A high court judge has praised a social worker’s “unstinting commitment” to helping a family whose 16-year-old daughter was placed in local authority care after attempting to fly to Syria.
In a judgement published earlier this month, Justice Hayden said of the social worker: “She has been tireless in her determination to help them, she has unhesitatingly sacrificed her own personal time and has displayed an impressive mix of intellectual rigour and compassion.”
The case ended with the girl, known as B, being returned to her family.
B was placed in the care of Tower Hamlets council in August 2015, after Justice Hayden ruled she had been “fully radicalised” and there was “no way her psychological, emotional, and intellectual integrity could be protected” by remaining at home.
She had attempted to fly to Syria to join ISIS in December 2014, but was removed from the flight by the metropolitan police minutes before take-off. A search of the family home in June 2015 by counterterrorism officers found videos of actual executions, beheadings and photos of corpses on electronic equipment belonging to B, some of her siblings, and her parents.
The local authority social worker became involved after “deficiencies” in the report of an independent social worker assigned to the case came to light. The independent social worker had been appointed to undertake an intensive and thorough assessment of B’s family in August 2015, after the judge rejected the council’s application to take B’s siblings into care.
Justice Hayden criticised the independent social worker’s report as “strikingly superficial”.
The local authority social worker agreed to undertake an assessment addressing the ‘risk matrix’ of radicalisation, which is referenced in the judgement. This involves assessing how personal, environmental, static and dynamic factors can interact to cause radicalisation.
Justice Hayden praised the social worker for “working the case in the sense that she has not merely recorded the attitudes or behaviours of the adults, rather she has actively intervened to try to change them where, in her assessment, they are contrary to interests of the child”.
He added: “It is an unfortunate fact that judges have, from time to time, to be critical of social workers. Too often good social work goes without comment or commendation. This case provides some opportunity to remedy that.”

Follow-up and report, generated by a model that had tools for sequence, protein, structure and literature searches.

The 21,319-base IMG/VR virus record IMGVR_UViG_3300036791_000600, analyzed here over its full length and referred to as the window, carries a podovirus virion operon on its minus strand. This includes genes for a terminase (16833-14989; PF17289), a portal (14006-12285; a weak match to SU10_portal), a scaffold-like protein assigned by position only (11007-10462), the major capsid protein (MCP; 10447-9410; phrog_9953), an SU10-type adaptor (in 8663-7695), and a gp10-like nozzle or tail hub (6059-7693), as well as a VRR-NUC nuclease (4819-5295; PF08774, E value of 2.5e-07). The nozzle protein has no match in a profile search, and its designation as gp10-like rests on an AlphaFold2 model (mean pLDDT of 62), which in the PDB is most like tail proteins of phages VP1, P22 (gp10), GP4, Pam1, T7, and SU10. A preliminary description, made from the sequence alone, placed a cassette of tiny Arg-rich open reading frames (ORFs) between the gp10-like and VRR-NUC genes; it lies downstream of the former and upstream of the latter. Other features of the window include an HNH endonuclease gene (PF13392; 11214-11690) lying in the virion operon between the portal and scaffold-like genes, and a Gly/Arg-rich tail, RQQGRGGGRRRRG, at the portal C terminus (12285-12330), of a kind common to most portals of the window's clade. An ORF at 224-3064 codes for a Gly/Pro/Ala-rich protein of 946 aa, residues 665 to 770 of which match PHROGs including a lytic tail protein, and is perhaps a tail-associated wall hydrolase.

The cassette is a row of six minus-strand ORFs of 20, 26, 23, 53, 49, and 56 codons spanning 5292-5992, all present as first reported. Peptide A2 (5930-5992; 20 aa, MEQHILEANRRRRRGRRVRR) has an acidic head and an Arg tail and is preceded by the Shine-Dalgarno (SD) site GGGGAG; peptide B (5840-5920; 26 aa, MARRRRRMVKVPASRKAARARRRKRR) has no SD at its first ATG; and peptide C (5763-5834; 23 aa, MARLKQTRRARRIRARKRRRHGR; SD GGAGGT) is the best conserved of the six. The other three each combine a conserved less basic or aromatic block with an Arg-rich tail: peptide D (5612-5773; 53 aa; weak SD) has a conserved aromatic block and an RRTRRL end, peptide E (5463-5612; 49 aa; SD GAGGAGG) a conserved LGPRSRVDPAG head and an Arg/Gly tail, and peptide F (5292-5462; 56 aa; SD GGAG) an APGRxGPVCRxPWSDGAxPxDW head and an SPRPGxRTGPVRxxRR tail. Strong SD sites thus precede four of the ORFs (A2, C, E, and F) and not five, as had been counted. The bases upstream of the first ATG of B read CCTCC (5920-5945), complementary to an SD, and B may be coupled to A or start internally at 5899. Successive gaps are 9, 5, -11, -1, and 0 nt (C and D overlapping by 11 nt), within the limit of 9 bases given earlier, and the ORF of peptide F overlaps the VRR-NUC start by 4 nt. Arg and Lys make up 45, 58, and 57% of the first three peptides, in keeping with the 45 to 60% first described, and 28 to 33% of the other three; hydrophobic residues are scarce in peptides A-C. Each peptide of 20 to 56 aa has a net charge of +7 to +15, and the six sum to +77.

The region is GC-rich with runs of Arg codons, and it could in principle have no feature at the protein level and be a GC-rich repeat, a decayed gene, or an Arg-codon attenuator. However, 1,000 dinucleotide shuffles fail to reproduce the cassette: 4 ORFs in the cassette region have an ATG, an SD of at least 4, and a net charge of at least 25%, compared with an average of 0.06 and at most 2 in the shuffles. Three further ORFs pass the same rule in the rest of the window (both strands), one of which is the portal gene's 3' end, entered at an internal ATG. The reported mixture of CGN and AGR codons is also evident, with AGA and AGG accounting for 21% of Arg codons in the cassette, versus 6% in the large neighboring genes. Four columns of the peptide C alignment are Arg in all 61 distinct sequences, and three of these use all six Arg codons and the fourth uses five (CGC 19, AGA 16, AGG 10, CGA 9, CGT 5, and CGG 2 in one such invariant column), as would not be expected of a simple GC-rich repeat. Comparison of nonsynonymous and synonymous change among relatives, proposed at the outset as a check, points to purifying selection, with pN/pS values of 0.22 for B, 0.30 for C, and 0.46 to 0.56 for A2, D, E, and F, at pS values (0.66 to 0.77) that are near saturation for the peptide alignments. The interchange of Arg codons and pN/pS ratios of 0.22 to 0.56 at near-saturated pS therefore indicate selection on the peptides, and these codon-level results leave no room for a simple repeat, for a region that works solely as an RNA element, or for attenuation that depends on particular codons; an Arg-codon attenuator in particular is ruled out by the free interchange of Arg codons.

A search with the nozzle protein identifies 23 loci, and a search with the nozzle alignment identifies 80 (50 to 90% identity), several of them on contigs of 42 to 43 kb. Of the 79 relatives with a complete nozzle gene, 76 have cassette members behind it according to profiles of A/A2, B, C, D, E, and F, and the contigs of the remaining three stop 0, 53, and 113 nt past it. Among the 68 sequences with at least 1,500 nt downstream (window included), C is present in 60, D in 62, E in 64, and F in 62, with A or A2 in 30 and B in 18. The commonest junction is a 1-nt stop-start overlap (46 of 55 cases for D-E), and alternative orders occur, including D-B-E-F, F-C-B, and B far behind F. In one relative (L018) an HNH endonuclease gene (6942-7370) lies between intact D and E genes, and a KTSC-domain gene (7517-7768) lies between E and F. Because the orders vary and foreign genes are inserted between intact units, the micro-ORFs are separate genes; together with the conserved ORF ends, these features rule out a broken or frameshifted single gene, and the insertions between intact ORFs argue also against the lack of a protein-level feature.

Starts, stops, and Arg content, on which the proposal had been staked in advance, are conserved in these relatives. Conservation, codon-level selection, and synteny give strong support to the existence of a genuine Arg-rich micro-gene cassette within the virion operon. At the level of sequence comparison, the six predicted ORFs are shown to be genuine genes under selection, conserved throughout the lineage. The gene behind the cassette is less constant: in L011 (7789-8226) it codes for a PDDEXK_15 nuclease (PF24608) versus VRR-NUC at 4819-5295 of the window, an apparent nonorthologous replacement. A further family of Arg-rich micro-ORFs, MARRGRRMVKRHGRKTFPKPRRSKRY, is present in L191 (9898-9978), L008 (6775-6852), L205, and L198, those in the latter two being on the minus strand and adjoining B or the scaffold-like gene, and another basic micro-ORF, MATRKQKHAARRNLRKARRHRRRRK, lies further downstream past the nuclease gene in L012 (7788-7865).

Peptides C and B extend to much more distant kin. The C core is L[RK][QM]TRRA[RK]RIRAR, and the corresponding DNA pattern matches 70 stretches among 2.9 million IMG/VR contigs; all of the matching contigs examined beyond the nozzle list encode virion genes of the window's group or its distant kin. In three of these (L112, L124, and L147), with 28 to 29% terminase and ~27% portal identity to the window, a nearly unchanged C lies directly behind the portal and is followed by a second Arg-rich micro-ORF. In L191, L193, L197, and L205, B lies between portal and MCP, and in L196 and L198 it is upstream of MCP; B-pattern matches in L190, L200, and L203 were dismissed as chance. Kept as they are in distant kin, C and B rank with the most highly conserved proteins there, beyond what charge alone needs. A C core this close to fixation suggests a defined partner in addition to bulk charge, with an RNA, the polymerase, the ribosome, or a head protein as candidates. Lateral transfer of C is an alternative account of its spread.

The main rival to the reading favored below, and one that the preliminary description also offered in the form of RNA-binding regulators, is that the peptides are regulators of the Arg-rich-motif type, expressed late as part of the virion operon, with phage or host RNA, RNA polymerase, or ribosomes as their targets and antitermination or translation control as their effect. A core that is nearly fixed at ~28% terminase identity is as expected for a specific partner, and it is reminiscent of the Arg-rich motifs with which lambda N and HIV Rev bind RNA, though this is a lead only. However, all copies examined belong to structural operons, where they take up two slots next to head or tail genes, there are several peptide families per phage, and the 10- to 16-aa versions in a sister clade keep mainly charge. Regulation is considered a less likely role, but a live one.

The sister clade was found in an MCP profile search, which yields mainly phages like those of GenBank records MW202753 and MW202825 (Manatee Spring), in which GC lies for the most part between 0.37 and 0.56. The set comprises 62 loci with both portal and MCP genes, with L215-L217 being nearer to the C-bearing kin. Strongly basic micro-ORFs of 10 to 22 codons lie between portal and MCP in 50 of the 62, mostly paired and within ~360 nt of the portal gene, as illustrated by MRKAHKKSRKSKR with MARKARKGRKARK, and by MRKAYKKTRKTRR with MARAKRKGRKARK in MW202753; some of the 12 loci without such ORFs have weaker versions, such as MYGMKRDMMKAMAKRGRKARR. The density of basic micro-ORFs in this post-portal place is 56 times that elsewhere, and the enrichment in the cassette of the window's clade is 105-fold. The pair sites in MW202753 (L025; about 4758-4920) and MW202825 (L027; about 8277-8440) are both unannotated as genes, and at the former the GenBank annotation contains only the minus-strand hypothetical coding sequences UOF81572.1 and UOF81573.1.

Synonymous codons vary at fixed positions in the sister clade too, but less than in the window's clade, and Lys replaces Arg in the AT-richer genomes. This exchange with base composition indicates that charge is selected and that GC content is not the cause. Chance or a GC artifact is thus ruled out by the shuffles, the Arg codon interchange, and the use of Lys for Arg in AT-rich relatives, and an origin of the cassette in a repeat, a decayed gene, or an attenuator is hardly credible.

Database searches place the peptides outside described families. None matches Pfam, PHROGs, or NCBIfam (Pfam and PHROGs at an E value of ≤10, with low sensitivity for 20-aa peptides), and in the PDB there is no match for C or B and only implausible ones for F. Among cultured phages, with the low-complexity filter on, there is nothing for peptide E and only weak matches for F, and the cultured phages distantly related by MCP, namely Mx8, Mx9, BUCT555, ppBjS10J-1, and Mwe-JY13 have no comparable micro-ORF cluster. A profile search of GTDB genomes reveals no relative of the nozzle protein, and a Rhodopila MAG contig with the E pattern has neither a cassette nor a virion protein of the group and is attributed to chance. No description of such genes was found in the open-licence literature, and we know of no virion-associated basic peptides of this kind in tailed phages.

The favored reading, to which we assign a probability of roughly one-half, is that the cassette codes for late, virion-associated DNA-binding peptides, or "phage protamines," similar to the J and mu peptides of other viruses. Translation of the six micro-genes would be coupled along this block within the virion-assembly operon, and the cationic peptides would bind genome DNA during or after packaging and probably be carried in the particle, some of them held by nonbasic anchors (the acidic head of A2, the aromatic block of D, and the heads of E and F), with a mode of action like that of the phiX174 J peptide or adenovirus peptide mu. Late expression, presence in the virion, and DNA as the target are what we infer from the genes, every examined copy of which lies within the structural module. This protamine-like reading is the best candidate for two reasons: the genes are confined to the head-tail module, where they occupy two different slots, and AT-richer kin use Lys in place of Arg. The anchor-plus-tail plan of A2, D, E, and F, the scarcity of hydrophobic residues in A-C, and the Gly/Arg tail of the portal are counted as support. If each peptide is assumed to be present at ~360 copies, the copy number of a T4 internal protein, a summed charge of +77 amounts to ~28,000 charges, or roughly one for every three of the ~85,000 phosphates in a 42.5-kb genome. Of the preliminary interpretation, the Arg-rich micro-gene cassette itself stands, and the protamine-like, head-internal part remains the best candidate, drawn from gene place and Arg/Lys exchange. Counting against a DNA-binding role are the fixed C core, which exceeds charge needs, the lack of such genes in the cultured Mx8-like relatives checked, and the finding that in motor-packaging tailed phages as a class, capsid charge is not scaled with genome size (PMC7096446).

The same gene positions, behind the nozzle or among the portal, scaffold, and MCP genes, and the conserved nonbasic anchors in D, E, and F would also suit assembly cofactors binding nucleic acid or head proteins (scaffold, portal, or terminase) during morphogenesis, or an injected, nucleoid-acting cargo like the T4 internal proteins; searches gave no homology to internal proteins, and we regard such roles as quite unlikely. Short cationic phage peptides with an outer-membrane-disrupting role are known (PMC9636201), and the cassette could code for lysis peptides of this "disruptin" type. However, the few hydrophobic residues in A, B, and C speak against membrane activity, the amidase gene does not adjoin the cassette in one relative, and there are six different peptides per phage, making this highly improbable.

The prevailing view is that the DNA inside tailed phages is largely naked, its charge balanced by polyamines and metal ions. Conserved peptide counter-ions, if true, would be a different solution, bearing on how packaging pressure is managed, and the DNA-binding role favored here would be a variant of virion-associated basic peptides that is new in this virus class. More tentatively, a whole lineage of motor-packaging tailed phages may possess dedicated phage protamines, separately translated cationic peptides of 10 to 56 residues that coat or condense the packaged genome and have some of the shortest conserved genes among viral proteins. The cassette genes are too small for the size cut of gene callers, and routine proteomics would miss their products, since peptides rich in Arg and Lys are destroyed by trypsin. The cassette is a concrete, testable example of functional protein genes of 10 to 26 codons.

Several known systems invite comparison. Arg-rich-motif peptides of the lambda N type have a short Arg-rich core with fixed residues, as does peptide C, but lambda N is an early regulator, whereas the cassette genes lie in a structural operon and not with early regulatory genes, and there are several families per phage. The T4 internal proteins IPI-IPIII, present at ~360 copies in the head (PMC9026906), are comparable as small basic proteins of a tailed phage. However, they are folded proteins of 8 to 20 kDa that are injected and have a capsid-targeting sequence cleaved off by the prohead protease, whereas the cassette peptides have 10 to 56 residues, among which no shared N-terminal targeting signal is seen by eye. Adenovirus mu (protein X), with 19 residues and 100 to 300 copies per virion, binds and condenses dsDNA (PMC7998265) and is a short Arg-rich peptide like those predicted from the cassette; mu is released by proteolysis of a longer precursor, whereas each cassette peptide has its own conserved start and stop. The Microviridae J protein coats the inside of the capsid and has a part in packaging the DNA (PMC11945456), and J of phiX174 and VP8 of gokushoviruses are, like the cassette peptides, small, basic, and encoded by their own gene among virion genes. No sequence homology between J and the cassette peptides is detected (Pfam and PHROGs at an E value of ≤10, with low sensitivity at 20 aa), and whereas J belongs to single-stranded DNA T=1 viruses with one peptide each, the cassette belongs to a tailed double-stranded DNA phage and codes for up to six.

The focus of the most recent judgement was to determine whether B should remain in the care of the local authority. When Justice Hayden authorised her removal, he had “intended that she would have an opportunity to meet a wider range of people, to be stimulated by new ideas, activities and philosophies”. The Court’s objective was not to “de-radicalise” the girl, he said.
However, Tower Hamlets council had encountered resistance from schools when trying to secure a placement for B and the opportunities for foster care were “non-existent”, said Hayden, which meant she had lived for nine months in “very isolated circumstances”.
Justice Hayden said the fact that B remained radicalised and had sustained emotional damage “as a direct consequence of seemingly unlimited access to and viewing of the images discussed” was a key issue in planning for the future. Her “underlying and striking lack of empathy for ordinary human suffering” meant she was still a risk, he added.
He concluded that the plan most likely to meet B’s needs was to return her home. He said that she was more likely to “rediscover her own intellectual autonomy in a home environment where she is happy and loved” and her siblings, who do not share her extremist beliefs, are “likely to be resistant to them and will challenge them, even without intending to do so”.
He added: “The family has a proactive social worker who has demonstrated that she will not be naïve and will not be deflected by controlling or manipulative behaviour”.
Justice Hayden made a final care order requiring Tower Hamlets to put together the detail of a care plan that reflected this decision.